Tonight I saw Total Recall, starring Colin Farrell and Kate Beckinsale.
For a remake, it's not as bad as it could be, but as a stand-alone film it has some flaws.
Colin (Quaid) is a factory worker in a dystopian future who is looking for an escape from his less-than-fulfilling life (though his job seems solid and his wife seems hot, but whatever). He decides to take a risk and go to Rekall, where he can have new memories programmed into his brain. Note: this sequence of the film reminded me more of Eternal Sunshine of the Spotless Mind than it did the original Recall, but that moment soon escaped me.
When Quaid goes in for the procedure, hoping to be programmed as a secret agent, all hell breaks loose and his identity is called into question.
From here on out, the film is a roller coaster of storm-trooper-resembling soldiers, deceptive women and Bryan Cranston, who unfortunately can't come close to being as menacing as his Breaking Bad alter ego, Walt.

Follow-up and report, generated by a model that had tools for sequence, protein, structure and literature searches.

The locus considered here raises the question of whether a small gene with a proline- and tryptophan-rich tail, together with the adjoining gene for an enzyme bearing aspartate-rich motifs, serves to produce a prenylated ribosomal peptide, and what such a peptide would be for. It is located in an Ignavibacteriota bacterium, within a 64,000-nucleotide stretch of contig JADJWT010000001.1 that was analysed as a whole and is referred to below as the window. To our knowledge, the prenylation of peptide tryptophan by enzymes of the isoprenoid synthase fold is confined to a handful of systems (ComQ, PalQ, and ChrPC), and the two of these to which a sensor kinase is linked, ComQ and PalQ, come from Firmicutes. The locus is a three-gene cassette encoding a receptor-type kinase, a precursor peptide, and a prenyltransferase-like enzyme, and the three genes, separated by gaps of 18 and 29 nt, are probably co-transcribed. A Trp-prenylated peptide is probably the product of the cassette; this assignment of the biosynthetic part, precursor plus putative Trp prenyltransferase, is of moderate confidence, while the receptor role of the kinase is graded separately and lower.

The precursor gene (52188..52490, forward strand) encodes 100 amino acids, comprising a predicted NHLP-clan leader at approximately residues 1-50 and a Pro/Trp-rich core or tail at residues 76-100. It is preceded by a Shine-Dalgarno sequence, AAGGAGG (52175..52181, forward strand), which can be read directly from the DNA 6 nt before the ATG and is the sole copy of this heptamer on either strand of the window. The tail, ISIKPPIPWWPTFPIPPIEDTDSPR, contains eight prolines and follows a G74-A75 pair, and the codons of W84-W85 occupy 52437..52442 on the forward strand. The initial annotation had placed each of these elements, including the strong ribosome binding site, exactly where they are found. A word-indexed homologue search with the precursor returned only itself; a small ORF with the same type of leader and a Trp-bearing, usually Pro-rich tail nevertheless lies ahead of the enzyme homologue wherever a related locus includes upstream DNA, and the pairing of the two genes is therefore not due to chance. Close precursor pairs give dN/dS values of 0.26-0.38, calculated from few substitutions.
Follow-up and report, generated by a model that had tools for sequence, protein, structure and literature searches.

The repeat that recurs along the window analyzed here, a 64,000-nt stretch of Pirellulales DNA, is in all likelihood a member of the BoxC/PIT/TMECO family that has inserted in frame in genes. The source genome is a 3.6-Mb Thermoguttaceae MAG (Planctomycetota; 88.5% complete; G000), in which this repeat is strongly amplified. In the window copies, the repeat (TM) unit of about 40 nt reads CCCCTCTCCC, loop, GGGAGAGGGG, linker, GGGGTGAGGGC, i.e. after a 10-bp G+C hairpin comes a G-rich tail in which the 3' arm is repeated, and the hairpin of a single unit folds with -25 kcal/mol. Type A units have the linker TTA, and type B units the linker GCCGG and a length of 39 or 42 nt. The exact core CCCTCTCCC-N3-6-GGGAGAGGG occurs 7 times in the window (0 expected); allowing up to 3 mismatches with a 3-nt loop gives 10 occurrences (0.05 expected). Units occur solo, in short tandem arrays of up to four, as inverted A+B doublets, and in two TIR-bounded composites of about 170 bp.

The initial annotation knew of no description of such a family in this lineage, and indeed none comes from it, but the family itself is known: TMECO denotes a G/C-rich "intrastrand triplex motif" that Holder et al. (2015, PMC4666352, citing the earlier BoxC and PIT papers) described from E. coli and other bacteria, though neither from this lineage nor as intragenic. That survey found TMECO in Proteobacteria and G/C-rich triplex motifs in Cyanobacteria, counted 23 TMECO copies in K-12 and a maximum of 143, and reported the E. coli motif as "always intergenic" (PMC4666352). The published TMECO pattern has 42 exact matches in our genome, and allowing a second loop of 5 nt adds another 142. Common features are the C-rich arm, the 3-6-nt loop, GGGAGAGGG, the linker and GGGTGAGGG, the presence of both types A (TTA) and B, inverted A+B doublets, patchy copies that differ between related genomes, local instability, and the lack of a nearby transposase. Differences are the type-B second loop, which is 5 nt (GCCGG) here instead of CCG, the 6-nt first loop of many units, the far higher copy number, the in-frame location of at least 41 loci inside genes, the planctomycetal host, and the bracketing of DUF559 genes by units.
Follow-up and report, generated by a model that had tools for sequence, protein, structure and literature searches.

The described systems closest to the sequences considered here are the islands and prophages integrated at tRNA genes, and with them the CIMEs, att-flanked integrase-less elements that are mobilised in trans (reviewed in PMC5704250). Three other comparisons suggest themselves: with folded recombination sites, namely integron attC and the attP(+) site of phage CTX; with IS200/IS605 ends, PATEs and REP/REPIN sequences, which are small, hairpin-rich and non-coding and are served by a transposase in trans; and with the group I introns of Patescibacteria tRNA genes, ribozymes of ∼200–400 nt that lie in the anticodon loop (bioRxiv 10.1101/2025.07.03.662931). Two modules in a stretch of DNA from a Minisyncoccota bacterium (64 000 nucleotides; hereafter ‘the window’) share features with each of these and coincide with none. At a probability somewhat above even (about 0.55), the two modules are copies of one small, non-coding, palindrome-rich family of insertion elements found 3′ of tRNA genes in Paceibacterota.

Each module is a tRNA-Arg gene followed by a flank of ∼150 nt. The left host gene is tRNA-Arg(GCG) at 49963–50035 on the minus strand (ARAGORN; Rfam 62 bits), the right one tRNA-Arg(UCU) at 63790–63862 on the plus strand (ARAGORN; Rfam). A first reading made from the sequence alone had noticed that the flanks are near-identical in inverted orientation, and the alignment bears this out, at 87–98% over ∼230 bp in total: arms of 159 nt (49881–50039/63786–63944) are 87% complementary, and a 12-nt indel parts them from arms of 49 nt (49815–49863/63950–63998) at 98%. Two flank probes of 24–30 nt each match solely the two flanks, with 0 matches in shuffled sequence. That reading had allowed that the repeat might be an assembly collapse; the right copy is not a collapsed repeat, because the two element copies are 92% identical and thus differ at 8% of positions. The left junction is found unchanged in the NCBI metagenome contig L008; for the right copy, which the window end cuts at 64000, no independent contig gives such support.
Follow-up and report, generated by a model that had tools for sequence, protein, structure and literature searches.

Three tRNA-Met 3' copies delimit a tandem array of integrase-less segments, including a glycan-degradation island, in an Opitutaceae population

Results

Is it entertaining? Sure. Farrell is a solid actor (and more believable as a highly intelligent operative than the role's original Arnold S.) and the chemistry he has with Beckinsale is fun to watch.
But for a sci fi movie that clearly maps out what has become of our world, the scenery is pretty unremarkable, and some of the technologies (phones implanted in hands) don't match up with other props (a good old paperback book—which makes us wonder if the Kindle population was also wiped out in the chemical warfare).
Cool to see? Refrigerator photos and notes that are digital (I can't imagine that doesn't already exist) and hovercrafts that rival those from Back to the Future II.
Not so much? Jessica Biel who really doesn't convince the audience of anything. I'm still not sure why she had to be there.
All in all, you could do worse if you're just wanting some action-heavy, pow-wow entertainment, but if you're looking for substance or sci fi innovation, stay home.